The New Year can be a good time to reconsider a bad relationship. According to Psychology Today, this is why January is often called divorce month—there are more divorces filed nationwide in January than in any other month. “Some couples who’ve been planning to break up choose to avoid disrupting their families during the holidays. Others may be hoping that their situation or their partner’s behaviors will change, and when nothing shifts, they opt for dissolution,” reports Psychology Today.
According to the Huffington Post, some divorce scholars have attempted to determine an exact “D-Day,” the day on which more divorces happen than any other reason. One consultant told the Huffington Post that while people begin looking for information well before the holidays, “they can’t do much until the attorney are back in the office. January 12–16 seems to be the magic week for filings.”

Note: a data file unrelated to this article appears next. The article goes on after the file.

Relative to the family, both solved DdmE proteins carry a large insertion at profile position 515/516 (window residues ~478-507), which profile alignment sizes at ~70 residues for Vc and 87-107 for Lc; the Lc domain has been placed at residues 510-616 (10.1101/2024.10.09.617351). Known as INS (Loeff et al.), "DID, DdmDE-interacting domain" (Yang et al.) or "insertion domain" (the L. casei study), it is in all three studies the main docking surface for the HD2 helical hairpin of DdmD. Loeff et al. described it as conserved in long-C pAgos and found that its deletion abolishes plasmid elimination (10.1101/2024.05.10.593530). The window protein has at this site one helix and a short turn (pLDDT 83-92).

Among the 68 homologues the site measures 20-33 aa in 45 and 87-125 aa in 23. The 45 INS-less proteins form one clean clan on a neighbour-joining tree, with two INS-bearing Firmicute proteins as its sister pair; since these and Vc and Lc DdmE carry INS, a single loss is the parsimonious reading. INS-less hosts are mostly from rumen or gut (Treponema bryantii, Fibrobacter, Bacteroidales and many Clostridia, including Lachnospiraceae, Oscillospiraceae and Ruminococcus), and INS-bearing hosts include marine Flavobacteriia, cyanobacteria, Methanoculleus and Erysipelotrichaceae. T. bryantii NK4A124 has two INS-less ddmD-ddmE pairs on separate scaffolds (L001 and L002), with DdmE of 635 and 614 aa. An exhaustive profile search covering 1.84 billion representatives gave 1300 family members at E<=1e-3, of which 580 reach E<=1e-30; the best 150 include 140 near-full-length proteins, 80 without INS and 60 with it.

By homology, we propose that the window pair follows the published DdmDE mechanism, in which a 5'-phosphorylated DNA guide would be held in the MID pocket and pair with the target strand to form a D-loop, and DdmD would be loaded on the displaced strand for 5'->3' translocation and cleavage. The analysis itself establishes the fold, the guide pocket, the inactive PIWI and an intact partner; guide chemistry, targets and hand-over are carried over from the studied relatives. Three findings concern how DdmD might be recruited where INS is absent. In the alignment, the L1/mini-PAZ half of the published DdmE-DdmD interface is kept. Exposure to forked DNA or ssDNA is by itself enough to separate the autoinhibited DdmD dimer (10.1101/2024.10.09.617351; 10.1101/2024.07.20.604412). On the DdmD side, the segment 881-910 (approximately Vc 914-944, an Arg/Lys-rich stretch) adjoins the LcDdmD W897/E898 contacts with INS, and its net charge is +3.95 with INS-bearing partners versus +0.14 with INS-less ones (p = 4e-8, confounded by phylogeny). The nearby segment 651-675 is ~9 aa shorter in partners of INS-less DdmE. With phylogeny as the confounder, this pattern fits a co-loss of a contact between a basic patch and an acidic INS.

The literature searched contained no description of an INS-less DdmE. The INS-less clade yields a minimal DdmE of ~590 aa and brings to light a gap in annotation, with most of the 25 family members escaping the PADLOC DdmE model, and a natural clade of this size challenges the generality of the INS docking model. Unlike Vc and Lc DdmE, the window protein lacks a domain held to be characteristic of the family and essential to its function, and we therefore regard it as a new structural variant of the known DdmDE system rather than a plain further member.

Waiting until after the holidays to initiate proceedings is more common for families that have children. This, of course, is because couples that are anticipating divorce opt to stave it off in order to give “the kids one last happy holiday as in intact family. By January, if it’s still not working, they know it’s time to move on,” according to the Huffington Post. Divorce can be extremely difficult if you have children, regardless of how long you wait, according to Psychology Today. No matter when you break the news, whether you wait until after the New Year or not, “if you have children, you need to break the news to them gently and slowly.”